There is no doubt that the decision by the ECB this past week has badly stained the reputation of both Mario Draghi and the European Central Bank.
The ferocity of the price moves seen across the currency, bond and equity markets leave little doubt that Draghi and company managed to greatly mislead the investor/trader world by overpromising ahead of their December meeting and vastly under delivering.
Yesterday, the Vice President of the ECB, Vitor Constancio reported to CNBC the following:
“We have to recognize that the markets got it wrong in forming their expecatations”.
Please see my own dismembering of this surreal comment in a previous post.
Mr. Draghi seems to have at least understood the damage to their credibility, belatedly I might add, for he was quick to modify his speech in front of the Economic Club of New York by making sure he included the following:
“there is no particular limit to how we can deploy any of our tools. There is no doubt that if we had to intensify the use of our instruments to ensure that we achieve our price stability mandate, we would”.
I was wondering why the Euro, which had floated back up above the 1.090 level after falling below that level when the US payrolls number was released, suddenly fell back rather swiftly below that level during the session.
Here is a very interesting nugget being reported by the Wall Street Journal:
I am quoting from Dow Jones here:
“Asked by former Bank of England Governor Mervyn King whether his comments were meant to “offset” the market’s reaction, Mr. Draghi said: “No, not really. But not — well, of course”.”
There you have it.
Another Central Banker, after realizing that he himself, and his compadres that make up the ECB, had badly misled the markets ahead of their decision to leave the bond buying program at EUR60 billion per month ( they extended it for 6 months however) and to only lower the deposit rate 10 basis points, was forced to do damage control in an attempt to salvage what is left of his own shattered reputation.
Draghi, who has perhaps been one of the most efficient Central Bankers I have seen at JAWBONING the Euro lower ( remember his comments when it was up near 1.400) understands that if he is going to be able to influence the direction of his currency by flapping his jaws in the future, that he had better get out there and make some amends for the Central Bank’s ineptness this week. After all, if during the previous two months he and his cohorts had gone out of their way to talk a big game of “doing whatever it takes” to achieve their goal of reaching a 2% annual rate of inflation, and in the process drive the Euro lower ( which is where they want it to go), through the implied notion that they would indeed be bold in their monetary policy, what in the world does he expect to happen the next time he gets out there and starts making noises about the Euro being too strong? Answer – nothing. In other words, his ability to move the Euro around through the use of “verbal” intervention, would be seriously imperiled.
Thus, the necessity of trying to add some caveats in his speech Friday to offset the damage done on Thursday.
This is the reason that I now believe we are right back into a period in which CONFUSION and UNPREDICTABILY is going to reign once more. Instead of the Central Bank providing some sort of stability and calmness in the market, it has done the exact opposite by throwing a monkey wrench into the EXPECTATIONS of traders/investors. This has resulted in massive, and I do mean ‘massive’ repositioning by traders all across the globe. It is the SOLE reason that we witnessed so much chaos and carnage in the markets this past week.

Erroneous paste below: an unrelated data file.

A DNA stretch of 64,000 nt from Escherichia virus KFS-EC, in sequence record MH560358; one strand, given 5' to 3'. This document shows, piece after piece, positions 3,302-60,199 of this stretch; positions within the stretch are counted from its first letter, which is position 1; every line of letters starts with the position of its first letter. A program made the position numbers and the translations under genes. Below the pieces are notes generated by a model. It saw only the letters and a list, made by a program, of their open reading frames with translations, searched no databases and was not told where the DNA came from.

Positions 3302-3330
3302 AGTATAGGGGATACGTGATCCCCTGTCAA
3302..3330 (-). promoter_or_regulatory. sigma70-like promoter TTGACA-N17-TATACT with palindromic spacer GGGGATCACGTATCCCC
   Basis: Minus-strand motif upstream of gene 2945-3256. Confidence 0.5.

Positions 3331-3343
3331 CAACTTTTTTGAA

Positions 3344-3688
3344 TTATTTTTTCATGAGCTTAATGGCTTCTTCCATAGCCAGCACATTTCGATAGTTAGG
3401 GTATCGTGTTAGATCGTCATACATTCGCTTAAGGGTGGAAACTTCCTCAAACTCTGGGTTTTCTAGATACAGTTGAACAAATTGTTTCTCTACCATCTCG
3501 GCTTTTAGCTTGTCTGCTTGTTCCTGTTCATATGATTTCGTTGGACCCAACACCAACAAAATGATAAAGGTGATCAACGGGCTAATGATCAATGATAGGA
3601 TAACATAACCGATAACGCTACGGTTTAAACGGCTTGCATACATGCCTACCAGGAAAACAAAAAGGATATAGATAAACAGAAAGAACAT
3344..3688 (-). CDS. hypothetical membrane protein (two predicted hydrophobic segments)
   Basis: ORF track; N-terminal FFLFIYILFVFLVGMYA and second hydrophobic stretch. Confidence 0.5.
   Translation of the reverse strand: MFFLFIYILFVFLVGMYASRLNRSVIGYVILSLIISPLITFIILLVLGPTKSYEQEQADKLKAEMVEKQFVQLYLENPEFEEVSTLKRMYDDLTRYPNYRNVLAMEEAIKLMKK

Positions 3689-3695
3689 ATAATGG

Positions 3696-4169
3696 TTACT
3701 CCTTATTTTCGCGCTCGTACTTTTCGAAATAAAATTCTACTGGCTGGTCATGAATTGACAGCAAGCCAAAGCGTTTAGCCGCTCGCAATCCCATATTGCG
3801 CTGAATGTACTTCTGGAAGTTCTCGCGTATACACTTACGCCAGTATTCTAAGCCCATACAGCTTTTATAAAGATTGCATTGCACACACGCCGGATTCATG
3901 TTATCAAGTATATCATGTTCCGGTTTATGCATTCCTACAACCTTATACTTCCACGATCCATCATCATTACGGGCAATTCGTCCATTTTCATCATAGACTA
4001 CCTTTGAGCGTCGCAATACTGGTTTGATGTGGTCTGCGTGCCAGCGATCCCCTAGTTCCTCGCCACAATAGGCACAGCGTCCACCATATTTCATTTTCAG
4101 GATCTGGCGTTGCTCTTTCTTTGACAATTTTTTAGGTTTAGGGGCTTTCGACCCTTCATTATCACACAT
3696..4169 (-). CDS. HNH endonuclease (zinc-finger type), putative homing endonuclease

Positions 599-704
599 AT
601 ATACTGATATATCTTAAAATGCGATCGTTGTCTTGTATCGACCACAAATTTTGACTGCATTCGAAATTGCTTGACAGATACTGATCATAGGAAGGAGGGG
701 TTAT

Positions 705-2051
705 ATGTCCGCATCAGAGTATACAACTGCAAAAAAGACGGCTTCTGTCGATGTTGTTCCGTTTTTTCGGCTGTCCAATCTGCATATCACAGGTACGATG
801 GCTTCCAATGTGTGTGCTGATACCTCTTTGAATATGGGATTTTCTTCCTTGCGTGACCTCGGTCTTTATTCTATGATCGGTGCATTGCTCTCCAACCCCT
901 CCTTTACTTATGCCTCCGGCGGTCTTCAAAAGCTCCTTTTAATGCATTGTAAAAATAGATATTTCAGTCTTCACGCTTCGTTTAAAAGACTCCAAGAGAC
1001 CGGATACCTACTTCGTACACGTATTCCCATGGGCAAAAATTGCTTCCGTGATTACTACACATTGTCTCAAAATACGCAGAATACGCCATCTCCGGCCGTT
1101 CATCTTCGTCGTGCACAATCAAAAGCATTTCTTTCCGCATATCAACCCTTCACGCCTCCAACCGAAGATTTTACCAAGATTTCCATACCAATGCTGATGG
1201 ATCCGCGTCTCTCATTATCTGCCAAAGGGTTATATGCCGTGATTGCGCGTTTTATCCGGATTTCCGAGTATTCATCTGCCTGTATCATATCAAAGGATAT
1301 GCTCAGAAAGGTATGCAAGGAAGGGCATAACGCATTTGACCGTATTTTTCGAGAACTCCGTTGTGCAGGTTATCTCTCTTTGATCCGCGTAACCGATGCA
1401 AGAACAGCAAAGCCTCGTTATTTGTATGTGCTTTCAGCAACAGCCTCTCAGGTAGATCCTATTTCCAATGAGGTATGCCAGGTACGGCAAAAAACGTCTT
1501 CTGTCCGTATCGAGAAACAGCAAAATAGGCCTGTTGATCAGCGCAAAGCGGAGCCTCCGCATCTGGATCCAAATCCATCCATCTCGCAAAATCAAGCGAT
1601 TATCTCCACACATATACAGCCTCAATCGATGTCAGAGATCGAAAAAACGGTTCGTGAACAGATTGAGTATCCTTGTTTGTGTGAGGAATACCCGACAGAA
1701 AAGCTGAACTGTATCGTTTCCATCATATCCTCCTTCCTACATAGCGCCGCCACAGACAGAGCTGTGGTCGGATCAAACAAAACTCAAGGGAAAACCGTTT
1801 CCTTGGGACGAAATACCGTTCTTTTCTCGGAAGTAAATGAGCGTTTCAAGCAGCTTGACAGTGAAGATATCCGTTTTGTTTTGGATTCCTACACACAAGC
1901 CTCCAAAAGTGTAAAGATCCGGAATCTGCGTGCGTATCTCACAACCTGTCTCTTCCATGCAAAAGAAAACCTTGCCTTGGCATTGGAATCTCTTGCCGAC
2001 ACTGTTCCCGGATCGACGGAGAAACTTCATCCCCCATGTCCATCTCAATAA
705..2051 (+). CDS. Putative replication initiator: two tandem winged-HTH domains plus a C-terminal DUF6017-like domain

I cannot even imagine ( well maybe I can) the size of the margin calls being doled out and the panic and fear that the ECB produced by this display of incompetence. One can only hope that they learned something. As I have said before, I am no fan of Central Bankers but as Central Bankers go, at least our Fed has been very consistent in describing the conditions that they are looking for PRIOR to making any interest rate hike. Traders can therefore gauge the economic data that is coming out here in the US and feel somewhat confident that they can know the mind of the Fed, as much as that can be known. That helps to REDUCE market chaos and uncertainty and provides for more orderly and well behaved markets, not the madness that the ECB unleashed.
I must also admit that the Bank of Japan is also very good at telegraphing its intentions. They have long ago learned how to conduct themselves in that regard. They are so good that I might add, having learned the hard way NOT to ignore them, that they can move the Yen quite easily by announcing their thoughts on its level. Long time currency traders know quite well that if the BOJ says the Yen is overvalued, guess what, it is overvalued and is coming down. On the flip side, if the BOJ says the Yen is undervalued, guess what? it is undervalued and is going to rise. These traders understand that the BOJ WILL TAKE STEPS to achieve what they are wanting to achieve and thus their reputation and credibility is well deserved.
Perhaps Draghi and company are simply too new to this game to understand the significance of their words and the need to connect those words to concrete action. I can only hope so for it they do not learn from this latest fiasco, we are going to see even more of this chaos in the future, something that no trader or investor wants to see.